I remember the last time I saw my grandfather. He was lying in a hospital bed. Cold and hot simultaneously. The flimsy hospital gown betrayed him. He was too weak to cover his nakedness as his family entered the room. I was shocked at how frail he appeared. He was about to die and this terrible secret was not a secret to anyone-not his daughters, not his son-in-law, not even his eight year old grandchild. How painful it has been to retain that vision of that once strong man defeated by cancer as my most dominant picture of my grandfather. It is a memory that I cannot shake.
My father is sixty-eight years old; about the same age as my grandfather was when he died. Dad is also in the final lap of a race that he cannot win. His cancer has overtaken him and the checkered flag is about to be waved. Alissa and I will fly in this Friday, July 22nd, for one final visit.
This isn’t our first final visit. A week before Jenny’s Bat Mitzvah in April we made the long drive to the east coast. Not only was it doubtful that he would be able to attend the service, there was a question as to whether he would even be alive. Somehow he recovered and flew in with my mother and brother, Rob.
I guess the first final visit was in March of 1989. The doctors had found lung cancer. Surgery was required. They rushed him in and removed one of his ribs on the way to taking the top third of his right lung. Over the years I have been there for the removal of his spleen, his duels with Chemo and Radiation, and other assorted hospital pit stops. Each time the doctors are successful at keeping my father alive. Each time the doctors fail more miserably at retaining my father’s life.
My father completely understood his role as provider/head of household. He went to work. He came home. There were no stops in between. His job was to earn a living. His perks were dinner when he returned each evening, a clean home, and a minimal amount of hassle. His duties included cooking breakfast on Sundays, occasionally disciplining the children, and one week of vacation each summer whether he needed it or not.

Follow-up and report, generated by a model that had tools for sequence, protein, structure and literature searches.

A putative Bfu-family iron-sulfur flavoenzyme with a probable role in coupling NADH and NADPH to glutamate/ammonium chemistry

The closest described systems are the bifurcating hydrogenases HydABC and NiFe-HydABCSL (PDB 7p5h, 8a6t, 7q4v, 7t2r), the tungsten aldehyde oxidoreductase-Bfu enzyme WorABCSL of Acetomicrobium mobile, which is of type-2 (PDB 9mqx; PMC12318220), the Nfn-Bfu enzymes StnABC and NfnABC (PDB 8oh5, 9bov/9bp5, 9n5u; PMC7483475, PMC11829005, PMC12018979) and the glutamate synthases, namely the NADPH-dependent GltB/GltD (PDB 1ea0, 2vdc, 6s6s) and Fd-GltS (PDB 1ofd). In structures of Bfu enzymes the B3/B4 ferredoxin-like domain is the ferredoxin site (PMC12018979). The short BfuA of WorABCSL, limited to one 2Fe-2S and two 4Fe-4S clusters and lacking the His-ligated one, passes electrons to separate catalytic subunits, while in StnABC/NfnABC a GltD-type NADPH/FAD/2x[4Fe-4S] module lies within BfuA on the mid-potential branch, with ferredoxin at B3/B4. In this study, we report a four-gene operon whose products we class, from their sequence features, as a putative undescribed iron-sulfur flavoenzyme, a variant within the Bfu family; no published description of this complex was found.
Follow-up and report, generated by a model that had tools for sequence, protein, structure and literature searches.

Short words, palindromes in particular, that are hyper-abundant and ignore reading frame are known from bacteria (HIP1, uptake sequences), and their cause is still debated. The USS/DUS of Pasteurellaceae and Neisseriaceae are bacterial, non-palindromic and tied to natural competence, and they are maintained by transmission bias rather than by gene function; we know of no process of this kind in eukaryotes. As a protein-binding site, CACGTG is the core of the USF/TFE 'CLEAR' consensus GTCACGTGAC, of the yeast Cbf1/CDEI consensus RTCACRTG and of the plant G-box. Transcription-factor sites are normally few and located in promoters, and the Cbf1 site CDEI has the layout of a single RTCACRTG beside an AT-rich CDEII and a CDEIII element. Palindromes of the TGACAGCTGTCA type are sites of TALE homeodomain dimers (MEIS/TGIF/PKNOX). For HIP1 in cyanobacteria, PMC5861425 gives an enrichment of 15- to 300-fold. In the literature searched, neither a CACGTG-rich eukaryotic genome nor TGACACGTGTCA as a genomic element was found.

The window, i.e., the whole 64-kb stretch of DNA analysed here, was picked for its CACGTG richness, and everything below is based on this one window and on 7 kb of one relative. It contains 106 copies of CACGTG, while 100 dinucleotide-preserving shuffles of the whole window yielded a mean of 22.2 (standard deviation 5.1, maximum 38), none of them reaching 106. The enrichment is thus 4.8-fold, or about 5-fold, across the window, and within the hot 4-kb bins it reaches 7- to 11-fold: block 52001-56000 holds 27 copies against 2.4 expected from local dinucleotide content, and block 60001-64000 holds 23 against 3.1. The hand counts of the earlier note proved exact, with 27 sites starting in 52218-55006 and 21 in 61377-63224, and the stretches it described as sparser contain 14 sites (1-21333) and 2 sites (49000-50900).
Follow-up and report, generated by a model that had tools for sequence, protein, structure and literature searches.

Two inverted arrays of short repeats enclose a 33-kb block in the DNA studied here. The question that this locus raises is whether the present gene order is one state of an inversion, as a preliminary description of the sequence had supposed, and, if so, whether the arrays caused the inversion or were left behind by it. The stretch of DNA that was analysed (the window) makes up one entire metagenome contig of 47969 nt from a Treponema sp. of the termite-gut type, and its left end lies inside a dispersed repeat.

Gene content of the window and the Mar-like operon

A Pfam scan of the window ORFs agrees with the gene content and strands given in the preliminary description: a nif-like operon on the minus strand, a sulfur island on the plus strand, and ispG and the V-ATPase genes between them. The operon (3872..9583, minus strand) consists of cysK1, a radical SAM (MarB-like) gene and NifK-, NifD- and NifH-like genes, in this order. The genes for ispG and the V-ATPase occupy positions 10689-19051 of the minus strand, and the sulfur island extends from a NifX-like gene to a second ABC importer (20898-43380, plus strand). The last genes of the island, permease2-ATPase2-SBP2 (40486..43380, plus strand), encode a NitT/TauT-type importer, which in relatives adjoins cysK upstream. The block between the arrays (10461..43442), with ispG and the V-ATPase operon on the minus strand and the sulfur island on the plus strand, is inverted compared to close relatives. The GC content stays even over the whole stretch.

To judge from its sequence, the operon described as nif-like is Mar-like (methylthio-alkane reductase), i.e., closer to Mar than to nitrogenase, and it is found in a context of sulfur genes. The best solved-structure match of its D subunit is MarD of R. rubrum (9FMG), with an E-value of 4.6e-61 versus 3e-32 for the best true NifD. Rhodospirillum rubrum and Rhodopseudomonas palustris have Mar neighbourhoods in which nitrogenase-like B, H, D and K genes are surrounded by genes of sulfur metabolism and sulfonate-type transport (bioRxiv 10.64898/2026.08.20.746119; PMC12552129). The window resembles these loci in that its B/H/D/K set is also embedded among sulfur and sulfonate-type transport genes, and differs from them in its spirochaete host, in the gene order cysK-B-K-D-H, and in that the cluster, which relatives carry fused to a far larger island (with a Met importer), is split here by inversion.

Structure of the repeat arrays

My father led an orderly life. He wore crisply starched long-sleeve white shirts under his suit jacket each day to work. On Sundays he wore crisply starched short sleeve white shirts around the house. I must have been ten or twelve before I ever saw him wear a sport shirt. For years he ate the same breakfast (coffee and Special K), sent out daily for a sandwich from the same restaurant, and in every way imaginable repeated the same patterns at work and at home.
It was always a special treat for me to visit my father at work. Because it was at work, behind a diamond counter, that Jerry Cunix came alive. He was a delight to watch. Joking, smoking his little unfiltered Pall-Malls, slowly taking the couple in front of him to the sale he wanted to make. He once sold one of his customers a refrigerator. After the sale was completed, he ran down the street to a wholesaler, ordered the unit and arranged for its delivery! Every day was a new performance.
The performance stopped suddenly after the lung surgery. The man who expected to be carried out of his store was too weak to work. He was unable to spend thirty to thirty-five hours per week in a retail store, much less the fort-eight to fifty-five hours he was so accustomed to.
Each surgery, each succeeding discovery of another cancer, followed by another treatment, robbed him further of his strength. For a while he could work twenty-five hours and then it was only twenty. Soon he was limited to sixteen. There were weeks when he could not leave the house or hospital. The economy intervened. Jerry Cunix became a luxury that no retailer could afford. Yes, he could sell, but he couldn’t put in enough time to make a difference.
Now there are no more performances. There is just an old man who used to be 5’11 ½” but now appears to be no taller than 5’8”. A thin man whose body has served as the battlefield in the war between cancer and modern medicine. In a short while a new battlefield will be found and this one will be laid to rest.
I am not bringing my children with me this Friday. The picture that they will carry in their minds for years to come will not be of a frail old man moments from death. It is not fair to them to do that. It would no be fair to do that to my father.